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Veteran school board members agree: It’s a challenging, and often thankless, job

Say you want to be a school board member. You care about kids, right? You want to make a difference.

Great! Just a few things to keep in mind.

You’re going to be responsible for the for the education and safety of every family’s most precious possession – children.

You’ll approve millions in expenses while hearing from taxpayers who want to spend less and parents who want more.

You’ll spend hours at workshops, on research and in – wait for it – subcommittees.

People will bend your ear in the boardroom and the grocery store.

If some really dislike you, they’ll try to oust you.

And of course, you’re doing all this for free. Right?

Veteran board members and those who regularly advise school boards agree that while being a school board member can be a rewarding job, it is also one of the most difficult and daunting elected positions that exists for anyone who wants to do the job well. That’s something to consider as voters prepare for school board campaigns to launch ahead of the May elections.

“You come in with all these dreams of everything you’re going to improve with innovation,” said John Licata, a former school board member in Buffalo, “then you run into all this bureaucracy.”

He may have been a city board member, but many agree his assessment applies to most districts, surburban and urban.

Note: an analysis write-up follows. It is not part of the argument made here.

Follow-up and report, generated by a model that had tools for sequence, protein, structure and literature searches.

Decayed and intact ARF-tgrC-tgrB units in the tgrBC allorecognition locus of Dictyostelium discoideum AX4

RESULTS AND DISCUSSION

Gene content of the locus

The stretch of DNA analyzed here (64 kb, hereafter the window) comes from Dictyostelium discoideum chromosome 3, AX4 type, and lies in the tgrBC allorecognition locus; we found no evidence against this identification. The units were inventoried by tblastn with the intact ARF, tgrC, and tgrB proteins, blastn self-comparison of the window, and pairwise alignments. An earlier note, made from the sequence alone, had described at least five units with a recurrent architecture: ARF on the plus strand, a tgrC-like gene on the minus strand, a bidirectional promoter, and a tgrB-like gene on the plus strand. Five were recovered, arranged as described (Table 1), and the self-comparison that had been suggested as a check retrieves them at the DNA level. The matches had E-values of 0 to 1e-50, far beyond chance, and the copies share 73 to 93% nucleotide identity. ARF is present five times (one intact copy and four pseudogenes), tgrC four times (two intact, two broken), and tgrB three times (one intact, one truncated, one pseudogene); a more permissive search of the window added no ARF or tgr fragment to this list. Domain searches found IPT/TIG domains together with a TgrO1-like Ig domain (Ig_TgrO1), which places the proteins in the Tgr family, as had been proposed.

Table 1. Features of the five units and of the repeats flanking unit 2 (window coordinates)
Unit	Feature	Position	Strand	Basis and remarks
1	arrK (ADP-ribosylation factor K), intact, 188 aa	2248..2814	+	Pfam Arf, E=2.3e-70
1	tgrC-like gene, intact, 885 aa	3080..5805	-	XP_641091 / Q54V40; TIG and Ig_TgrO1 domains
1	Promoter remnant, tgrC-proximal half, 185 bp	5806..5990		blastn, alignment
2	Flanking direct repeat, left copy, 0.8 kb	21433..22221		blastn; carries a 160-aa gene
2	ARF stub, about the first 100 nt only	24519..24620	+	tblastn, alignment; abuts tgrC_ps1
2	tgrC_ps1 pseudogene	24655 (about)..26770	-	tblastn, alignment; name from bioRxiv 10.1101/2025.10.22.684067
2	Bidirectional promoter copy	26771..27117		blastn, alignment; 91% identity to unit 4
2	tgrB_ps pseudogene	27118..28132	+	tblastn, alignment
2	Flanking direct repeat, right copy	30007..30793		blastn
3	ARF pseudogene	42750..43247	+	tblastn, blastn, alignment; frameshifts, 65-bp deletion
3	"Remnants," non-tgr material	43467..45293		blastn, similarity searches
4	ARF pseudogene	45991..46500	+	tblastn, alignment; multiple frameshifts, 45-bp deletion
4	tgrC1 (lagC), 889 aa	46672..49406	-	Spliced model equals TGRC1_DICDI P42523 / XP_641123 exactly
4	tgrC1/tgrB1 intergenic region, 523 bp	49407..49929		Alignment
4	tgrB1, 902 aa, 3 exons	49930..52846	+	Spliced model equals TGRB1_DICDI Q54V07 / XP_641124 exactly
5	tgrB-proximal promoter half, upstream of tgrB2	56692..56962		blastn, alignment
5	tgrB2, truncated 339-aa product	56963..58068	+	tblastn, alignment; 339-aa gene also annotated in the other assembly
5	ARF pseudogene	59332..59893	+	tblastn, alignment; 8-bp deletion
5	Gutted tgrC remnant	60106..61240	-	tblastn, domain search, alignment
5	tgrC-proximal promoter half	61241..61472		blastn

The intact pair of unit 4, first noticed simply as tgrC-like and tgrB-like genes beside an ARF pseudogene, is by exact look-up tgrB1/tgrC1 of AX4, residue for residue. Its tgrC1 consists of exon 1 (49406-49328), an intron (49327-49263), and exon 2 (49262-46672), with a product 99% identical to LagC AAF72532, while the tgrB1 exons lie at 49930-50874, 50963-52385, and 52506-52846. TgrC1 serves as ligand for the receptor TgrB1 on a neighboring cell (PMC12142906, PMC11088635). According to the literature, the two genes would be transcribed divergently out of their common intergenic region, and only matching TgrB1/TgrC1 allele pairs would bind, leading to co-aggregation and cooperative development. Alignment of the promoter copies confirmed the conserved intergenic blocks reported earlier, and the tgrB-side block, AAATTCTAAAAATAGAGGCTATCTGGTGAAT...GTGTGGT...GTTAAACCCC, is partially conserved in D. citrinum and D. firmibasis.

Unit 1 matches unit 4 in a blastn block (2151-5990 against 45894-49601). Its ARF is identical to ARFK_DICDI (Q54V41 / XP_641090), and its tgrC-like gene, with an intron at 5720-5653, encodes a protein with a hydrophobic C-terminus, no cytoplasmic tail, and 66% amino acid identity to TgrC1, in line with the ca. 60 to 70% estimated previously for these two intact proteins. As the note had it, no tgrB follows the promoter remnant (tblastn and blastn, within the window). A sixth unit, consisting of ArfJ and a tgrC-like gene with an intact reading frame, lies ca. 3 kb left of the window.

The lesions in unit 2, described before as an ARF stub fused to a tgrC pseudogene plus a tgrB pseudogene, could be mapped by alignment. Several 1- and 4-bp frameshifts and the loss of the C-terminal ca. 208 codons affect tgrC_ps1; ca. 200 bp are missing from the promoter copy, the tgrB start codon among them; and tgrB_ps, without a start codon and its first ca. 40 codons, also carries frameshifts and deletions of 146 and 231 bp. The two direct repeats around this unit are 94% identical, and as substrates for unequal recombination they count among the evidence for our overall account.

“It’s a little bit more challenging than it ever has been because the unions have their issues, the parents have their issues, and the kids have their own issues,” said former Williamsville School Board Member Michael Littman.

Karl Kristoff, a veteran education lawyer with Hodgson and Russ, said board members face tougher challenges now because they must govern in an organization that has more regulations and mandates than any other enterprise outside of the health care industry.

“They often must govern under circumstances over which they have no control,” he said. “The boards have to deal with the results and pressure of implementing those things.”

And legal pressures are far from the only pressures board members face. Challenges come from both within the district and beyond.

Consider the issues local board members have faced within just the past couple of years:

• Fallout from a majority of students opting out of state standardized tests in West Seneca and Lake Shore.

• Administrative and teachers union tensions flaring up against the superintendent in Williamsville.

• The vote to close two elementary schools and one middle school in the Kenmore-Town of Tonawanda school district.

• Enduring Hitler references and having people stand and turn their backs to you during the Lancaster debate over the now-retired Redskins mascot.

• The ousting of a Hamburg School Board member and criminal case against the district’s former superintendent.

Veteran board members recognize that new board members often come to the job because they have a particular interest or desire to change particular things. But newbies often underestimate the time commitment involved or their limited ability to change things on their own, they said.

Robbin List, a Hamburg board member and former educator, recalled the days after the Hamburg school district endured the disgrace of former Superintendent Richard Jetter, and the ousting of former School Board member Catherine Schrauth Forcucci on misconduct charges.

“You could feel the stress,” said List, who previously served on the West Seneca School Board for 10 years. “I was like, ‘OK, now everything’s burned to the ground. How are we going to rebuild?’ ”

Williamsville board member Littman recalled how the teachers union mobilized votes to unseat him and other board members last year for supporting a controversial personnel decision by Williamsville Superintendent Scott Martzloff.